Little Rock, Arkansas began to integrate its public schools on this date in 1959 while segregationists rallied at the State Capitol and then marched to Central High School, where police arrested twenty-one of them. This followed the “Lost Year” of 1958, in which Governor Orval Faubus closed the public schools to avoid federally-ordered school integration; to head off a repeat performance, the new board of education, from which several arch-segregationists had been deposed, opened the high schools a month early in 1959. According to the Encyclopedia of Southern Jewish Life, the Jewish community of Little Rock, dating back to the 1830s, had been threatened by the Capitol Citizens Council with “a boycott of the large Jewish-owned department stores” unless they ceased “newspaper advertising in the pro-integration Arkansas Gazette. In the high schools, Jewish children faced similar pressure from their classmates to oppose integration, and many left for schools in other states to avoid the choice between compromising their convictions or their safety. A spate of synagogue bombings throughout the South compounded the fears of the Little Rock Jewish community.” Nevertheless, Rabbi Ira Sanders — who had attempted to integrate the School of Social Work at the University of Arkansas that he headed from its founding in the late 1920s — served as a courageous voice for integration during the public school turmoil, as did his newly arrived rabbinical peer, Irwin Groner. In addition, a “group of bold Little Rock women helped to shatter the silence that had descended upon many of the pro-integrationist voices” during the Lost Year by organizing the Women’s Emergency Committee to Open Our Schools (WEC). “The membership of the organization swelled to over sixteen hundred, including much of the Jewish community. . . Their efforts ultimately contributed to a reshuffling of the school board and the ousting of the segregationist elements. In June of 1959, a federal court declared the school closing unconstitutional, and the following fall a fully integrated Little Rock school system opened for classes.”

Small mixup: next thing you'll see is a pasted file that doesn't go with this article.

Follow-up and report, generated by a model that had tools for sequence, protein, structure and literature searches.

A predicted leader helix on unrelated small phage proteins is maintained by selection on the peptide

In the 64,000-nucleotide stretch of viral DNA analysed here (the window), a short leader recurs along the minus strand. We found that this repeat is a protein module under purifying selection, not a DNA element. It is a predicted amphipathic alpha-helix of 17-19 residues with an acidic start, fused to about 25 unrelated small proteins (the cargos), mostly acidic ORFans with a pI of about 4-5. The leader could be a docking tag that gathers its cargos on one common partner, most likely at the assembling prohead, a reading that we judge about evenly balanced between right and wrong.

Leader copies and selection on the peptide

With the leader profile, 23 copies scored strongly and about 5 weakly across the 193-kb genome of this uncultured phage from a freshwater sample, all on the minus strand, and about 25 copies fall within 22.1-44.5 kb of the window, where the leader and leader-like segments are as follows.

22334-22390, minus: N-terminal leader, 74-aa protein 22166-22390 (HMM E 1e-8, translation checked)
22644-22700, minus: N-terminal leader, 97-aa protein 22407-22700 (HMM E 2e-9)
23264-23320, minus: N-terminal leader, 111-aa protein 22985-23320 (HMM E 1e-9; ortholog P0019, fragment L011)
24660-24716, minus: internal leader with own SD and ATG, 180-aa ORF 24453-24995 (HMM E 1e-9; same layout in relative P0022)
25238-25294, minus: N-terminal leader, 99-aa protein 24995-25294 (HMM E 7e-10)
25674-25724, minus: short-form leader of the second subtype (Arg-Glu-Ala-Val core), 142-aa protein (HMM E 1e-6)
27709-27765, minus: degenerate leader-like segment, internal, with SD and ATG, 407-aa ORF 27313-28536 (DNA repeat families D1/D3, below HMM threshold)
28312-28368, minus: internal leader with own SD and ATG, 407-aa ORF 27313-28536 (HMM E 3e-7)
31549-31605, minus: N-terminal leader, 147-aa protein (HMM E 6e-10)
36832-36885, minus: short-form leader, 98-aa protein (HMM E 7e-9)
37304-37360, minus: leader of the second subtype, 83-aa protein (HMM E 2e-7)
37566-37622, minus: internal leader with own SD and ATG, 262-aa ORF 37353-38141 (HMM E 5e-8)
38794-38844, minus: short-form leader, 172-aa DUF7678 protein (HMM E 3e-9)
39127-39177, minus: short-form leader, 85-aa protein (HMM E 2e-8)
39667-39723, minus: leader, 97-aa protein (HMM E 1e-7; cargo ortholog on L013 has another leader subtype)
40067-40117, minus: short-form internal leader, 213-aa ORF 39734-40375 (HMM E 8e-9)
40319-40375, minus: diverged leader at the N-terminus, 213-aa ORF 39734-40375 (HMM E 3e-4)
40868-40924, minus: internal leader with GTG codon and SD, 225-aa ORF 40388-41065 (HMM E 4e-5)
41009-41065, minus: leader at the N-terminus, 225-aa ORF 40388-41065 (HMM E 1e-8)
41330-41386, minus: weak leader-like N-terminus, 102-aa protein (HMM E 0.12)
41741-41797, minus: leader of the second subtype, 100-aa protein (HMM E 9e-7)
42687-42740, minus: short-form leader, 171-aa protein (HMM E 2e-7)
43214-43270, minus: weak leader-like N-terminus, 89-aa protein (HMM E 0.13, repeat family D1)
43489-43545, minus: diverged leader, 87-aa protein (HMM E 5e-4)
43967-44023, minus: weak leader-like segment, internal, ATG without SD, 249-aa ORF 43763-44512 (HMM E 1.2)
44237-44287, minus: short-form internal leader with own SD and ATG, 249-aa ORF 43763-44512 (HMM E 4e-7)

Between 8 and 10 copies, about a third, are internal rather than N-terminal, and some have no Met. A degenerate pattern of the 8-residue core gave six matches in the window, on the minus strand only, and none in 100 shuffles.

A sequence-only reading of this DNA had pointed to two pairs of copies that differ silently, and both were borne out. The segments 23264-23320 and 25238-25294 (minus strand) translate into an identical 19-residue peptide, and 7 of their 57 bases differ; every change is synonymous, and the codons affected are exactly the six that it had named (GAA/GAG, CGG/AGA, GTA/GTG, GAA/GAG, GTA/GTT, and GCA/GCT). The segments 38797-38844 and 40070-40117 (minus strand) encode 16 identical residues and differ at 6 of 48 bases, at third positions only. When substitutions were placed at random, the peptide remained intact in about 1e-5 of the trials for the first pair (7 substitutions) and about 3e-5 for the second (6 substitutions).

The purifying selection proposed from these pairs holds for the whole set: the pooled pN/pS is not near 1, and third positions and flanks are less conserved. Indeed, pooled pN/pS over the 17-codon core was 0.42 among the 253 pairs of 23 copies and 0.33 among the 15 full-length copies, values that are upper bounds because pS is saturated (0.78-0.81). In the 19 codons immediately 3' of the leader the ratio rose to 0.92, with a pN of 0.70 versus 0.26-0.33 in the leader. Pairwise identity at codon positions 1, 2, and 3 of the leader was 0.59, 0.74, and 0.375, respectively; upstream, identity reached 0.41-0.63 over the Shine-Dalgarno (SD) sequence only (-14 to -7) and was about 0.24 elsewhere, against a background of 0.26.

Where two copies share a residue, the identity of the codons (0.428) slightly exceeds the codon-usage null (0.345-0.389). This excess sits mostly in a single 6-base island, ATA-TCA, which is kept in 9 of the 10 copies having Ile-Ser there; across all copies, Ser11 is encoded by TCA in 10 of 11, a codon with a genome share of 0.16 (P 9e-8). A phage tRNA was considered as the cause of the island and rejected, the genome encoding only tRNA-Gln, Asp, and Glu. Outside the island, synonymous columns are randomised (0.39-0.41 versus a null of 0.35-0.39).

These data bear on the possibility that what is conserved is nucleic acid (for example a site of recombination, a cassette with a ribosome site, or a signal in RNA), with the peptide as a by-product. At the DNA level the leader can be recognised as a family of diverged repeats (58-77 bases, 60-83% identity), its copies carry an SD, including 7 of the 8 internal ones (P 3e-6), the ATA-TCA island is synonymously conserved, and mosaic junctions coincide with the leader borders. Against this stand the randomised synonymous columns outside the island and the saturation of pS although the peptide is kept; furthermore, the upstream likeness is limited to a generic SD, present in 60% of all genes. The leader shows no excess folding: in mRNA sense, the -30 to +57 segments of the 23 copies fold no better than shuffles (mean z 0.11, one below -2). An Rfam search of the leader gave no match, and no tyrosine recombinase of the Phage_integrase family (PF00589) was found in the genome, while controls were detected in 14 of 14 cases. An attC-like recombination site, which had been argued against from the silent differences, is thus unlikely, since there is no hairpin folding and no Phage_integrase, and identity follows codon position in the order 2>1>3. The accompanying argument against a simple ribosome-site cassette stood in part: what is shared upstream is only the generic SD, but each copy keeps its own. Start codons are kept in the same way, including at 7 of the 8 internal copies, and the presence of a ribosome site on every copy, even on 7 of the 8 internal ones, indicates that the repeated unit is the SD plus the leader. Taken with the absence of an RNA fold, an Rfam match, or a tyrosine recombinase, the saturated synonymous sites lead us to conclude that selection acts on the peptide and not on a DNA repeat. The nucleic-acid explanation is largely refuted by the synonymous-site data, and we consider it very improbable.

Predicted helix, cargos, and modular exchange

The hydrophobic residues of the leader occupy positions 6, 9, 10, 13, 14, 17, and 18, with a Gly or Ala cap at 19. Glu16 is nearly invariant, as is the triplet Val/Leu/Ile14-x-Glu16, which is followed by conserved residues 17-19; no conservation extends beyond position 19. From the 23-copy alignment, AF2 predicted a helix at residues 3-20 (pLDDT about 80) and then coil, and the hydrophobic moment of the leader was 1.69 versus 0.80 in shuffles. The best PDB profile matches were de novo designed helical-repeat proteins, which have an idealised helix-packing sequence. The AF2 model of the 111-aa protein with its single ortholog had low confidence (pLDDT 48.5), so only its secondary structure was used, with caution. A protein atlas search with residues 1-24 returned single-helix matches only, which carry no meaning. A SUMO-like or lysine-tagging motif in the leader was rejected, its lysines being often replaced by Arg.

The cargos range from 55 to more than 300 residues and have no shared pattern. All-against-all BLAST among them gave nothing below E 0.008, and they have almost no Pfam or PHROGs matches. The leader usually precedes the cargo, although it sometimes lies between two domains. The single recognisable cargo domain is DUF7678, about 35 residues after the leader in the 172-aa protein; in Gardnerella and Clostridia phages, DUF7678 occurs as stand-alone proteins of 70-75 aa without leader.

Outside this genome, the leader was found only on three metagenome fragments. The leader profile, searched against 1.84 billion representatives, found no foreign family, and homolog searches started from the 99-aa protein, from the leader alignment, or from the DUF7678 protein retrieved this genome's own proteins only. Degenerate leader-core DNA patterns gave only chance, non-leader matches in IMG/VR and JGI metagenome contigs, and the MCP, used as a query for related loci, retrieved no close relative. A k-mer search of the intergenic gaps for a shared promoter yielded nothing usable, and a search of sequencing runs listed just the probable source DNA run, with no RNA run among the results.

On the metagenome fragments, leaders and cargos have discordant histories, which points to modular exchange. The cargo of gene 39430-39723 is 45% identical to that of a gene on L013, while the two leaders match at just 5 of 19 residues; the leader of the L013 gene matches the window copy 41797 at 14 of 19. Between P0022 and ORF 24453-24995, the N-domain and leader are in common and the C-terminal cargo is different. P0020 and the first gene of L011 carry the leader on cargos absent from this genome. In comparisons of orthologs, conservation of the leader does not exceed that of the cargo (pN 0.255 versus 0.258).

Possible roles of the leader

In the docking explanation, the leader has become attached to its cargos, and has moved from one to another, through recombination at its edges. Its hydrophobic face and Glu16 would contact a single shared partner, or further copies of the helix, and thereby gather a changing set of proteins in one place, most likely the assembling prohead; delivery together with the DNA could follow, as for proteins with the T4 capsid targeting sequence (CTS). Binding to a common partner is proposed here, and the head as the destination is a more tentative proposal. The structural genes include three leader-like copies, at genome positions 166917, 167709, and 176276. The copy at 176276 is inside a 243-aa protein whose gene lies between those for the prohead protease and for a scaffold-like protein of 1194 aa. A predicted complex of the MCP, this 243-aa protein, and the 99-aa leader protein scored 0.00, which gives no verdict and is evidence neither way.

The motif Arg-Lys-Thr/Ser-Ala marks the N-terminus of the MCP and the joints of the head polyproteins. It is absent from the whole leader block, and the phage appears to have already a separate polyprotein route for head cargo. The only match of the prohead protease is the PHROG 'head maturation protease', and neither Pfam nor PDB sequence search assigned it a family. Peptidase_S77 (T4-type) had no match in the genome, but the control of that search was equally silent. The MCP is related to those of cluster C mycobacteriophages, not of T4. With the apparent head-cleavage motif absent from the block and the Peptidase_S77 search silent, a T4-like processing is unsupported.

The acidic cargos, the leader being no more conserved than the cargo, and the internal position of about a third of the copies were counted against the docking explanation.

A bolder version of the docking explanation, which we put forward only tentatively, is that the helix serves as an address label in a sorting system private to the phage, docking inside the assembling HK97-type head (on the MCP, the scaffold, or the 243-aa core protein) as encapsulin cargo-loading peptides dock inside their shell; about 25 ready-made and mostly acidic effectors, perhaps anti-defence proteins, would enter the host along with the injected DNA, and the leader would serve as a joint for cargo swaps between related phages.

“WEC generated a strident opposition to the segregationist voices in Little Rock. Despite the threat of boycotts against businesses owned by their husbands and families, these brave women pursued their campaign. Irene Samuel, the executive secretary, was not Jewish herself, but was married to a local Jewish physician and raised both her children as active participants of B’nai Israel. Many temple members followed her example; Josephine Menkus, president of the local chapter of National Council of Jewish Women, teamed up with Irene to direct WEC propaganda efforts. Jane Mendel operated the group’s secret phone tree list, which could disseminate important news to its large membership in a short period of time.” —Encyclopedia of Southern Jewish Life